IBM BlueGene Is The World's Fastest Computer Once Again
The latest list of top 500 supercomputers includes five new entrants including an HP Cluster Platform 3000 BL460c from India.
The BlueGene/L System, jointly developed by IBM and the U.S. Department of Energy, remains the world's fastest supercomputer, topping the latest biannual list that saw five new entrants into the top 10.
The BlueGene/L System has held the No. 1 spot since November 2004. The latest list of top 500 computers was released Monday at SC07, the international conference on high-performance computing in Reno, Nev.
The current IBM system has been significantly expanded, achieving a Linpack benchmark performance of 478.2 teraflops. A teraflop (TFlop/s) equals a trillion calculations per second. Six months ago, the BlueGene held the top position with 280.6 TFlop/s.
Making its first entry in the Top 10 was a newer version of the same type of IBM system. The BlueGene/P system, called Jugene, debuted at No. 2 with a performance of 167.3 TFlop/s. The system is installed at the German computer research center Forschungszentrum Juelich.
Another new system made its debut in the No. 3 spot. The supercomputer at the New Mexico Computer Applications Center in Rio Rancho was built by SGI and based on the Altix ICE 8200 model. The system posted a speed of 126.9 TFlop/s.
India placed a system for the first time in the top 10. The Hewlett-Packard Cluster Platform 3000 BL460c system was No. 4 at a speed of 117.9 TFlop/s. The system was installed at the Computational Research Laboratories, a subsidiary of Tata Sons Ltd. in Pune, India.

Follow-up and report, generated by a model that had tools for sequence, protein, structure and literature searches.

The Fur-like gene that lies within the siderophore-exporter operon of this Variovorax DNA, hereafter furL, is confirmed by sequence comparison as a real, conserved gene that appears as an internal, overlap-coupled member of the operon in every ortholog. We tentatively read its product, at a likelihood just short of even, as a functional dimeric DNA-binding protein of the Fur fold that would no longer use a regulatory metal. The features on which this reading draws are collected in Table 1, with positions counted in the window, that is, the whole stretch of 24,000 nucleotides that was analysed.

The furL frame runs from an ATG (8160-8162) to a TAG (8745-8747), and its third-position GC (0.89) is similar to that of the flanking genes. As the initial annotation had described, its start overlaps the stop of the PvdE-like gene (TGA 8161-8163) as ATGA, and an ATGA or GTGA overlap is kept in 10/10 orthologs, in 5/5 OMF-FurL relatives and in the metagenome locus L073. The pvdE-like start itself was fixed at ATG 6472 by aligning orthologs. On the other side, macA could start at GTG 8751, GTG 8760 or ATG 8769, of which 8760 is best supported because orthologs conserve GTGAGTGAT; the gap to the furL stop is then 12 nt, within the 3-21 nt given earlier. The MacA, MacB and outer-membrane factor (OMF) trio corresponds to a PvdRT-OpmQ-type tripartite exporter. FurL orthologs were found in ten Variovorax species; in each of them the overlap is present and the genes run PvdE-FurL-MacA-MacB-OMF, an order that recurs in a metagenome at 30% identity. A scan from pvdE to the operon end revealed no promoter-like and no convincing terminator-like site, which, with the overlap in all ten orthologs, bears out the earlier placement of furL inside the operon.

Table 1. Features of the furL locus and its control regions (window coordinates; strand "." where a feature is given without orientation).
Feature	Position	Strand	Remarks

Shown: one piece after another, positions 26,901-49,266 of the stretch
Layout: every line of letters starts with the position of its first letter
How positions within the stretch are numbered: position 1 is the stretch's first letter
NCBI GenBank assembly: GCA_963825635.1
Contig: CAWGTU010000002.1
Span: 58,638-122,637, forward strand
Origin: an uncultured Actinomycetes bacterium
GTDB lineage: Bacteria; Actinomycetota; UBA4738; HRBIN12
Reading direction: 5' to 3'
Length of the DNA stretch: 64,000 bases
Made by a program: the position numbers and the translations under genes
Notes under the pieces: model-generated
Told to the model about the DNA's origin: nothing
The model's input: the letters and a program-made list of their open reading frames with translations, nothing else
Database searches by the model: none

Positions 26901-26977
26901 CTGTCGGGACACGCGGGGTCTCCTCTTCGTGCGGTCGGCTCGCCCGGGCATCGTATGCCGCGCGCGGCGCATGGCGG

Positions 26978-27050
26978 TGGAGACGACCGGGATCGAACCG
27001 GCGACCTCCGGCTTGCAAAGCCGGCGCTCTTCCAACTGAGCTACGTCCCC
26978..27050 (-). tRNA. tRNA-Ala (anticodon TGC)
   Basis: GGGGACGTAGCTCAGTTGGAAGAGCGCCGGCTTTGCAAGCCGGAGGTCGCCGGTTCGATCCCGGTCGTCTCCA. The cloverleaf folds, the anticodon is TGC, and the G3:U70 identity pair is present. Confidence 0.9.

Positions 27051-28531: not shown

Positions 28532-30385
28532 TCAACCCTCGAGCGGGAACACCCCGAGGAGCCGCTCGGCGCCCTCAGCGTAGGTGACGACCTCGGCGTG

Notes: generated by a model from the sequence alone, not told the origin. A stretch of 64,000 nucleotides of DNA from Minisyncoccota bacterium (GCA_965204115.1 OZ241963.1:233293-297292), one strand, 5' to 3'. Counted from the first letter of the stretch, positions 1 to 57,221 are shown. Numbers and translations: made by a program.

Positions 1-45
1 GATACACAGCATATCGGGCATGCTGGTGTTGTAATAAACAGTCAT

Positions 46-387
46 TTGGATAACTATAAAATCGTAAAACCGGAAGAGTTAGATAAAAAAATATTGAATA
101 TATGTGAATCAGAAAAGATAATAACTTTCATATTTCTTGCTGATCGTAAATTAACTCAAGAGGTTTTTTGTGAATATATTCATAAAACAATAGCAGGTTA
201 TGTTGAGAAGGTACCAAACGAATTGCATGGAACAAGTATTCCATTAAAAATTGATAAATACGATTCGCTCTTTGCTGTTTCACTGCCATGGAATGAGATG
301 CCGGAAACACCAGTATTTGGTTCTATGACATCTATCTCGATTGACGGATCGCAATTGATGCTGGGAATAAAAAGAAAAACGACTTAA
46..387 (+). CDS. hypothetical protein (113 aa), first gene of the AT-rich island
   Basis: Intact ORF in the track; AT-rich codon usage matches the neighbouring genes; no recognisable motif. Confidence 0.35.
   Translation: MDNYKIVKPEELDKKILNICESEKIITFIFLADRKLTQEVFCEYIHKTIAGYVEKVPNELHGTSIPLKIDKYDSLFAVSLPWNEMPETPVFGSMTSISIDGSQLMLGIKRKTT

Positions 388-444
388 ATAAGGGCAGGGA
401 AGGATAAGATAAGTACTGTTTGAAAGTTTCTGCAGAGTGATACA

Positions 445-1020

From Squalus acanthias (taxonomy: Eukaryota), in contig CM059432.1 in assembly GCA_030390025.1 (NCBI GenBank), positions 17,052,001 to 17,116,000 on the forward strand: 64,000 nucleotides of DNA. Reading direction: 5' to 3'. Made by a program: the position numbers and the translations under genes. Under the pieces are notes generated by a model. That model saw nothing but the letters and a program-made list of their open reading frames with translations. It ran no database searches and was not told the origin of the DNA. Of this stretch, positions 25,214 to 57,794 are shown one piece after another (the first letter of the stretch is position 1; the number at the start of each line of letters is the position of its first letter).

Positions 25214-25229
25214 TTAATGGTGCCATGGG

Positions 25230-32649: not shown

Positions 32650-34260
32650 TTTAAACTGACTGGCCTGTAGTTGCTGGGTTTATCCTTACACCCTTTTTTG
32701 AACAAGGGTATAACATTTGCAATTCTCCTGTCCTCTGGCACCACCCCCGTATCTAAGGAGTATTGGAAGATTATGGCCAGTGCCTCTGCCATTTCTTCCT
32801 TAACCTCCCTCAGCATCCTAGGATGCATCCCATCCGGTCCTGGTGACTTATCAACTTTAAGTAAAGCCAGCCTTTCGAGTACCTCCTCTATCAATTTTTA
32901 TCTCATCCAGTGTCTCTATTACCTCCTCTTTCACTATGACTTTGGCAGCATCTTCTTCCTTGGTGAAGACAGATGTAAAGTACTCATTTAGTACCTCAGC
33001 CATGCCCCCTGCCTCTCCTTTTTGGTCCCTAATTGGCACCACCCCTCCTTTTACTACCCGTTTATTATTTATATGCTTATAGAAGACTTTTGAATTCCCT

The No. 5 system was also a new HP Cluster Platform 3000 BL460c system, which was installed at a Swedish government agency. The system's speed reached 102.8 TFlop/s.
The last new system in the Top 10 was the Cray XT4 system installed at the National Energy Research Scientific Computing Center at the DOE's Lawrence Berkeley National Laboratory. The system, called Franklin, came in at No. 9 with a performance of 85.4 TFlop/s.
Rounding out the top 10 systems was the Sandia/Cray Red Storm at the NNSA/Sandia National Laboratories in Albuquerque, N.M. The Cray system was No. 6 at 102.2 TFlop/s.
No. 7 at 101.7 TFlop/s was the Cray XT4/XT3 system, called Jaguar, at the Oak Ridge National Laboratory in Tennessee. Following the Cray system was IBM's eServer Blue Gene at the IBM Thomas J. Watson Research Center, Yorktown Heights, N.Y., where it achieved 91.29 TFlop/s.
Finally, No. 10 was an eServer Blue Gene system, called New York Blue, at the Stony Brook/BNL, New York Center for Computational Services. The IBM system measured 82.161 TFlop/s.
The complete list of the world's top 500 super computers is available on the SC07's Website. The current list is the 30th edition of the closely watched ranking.
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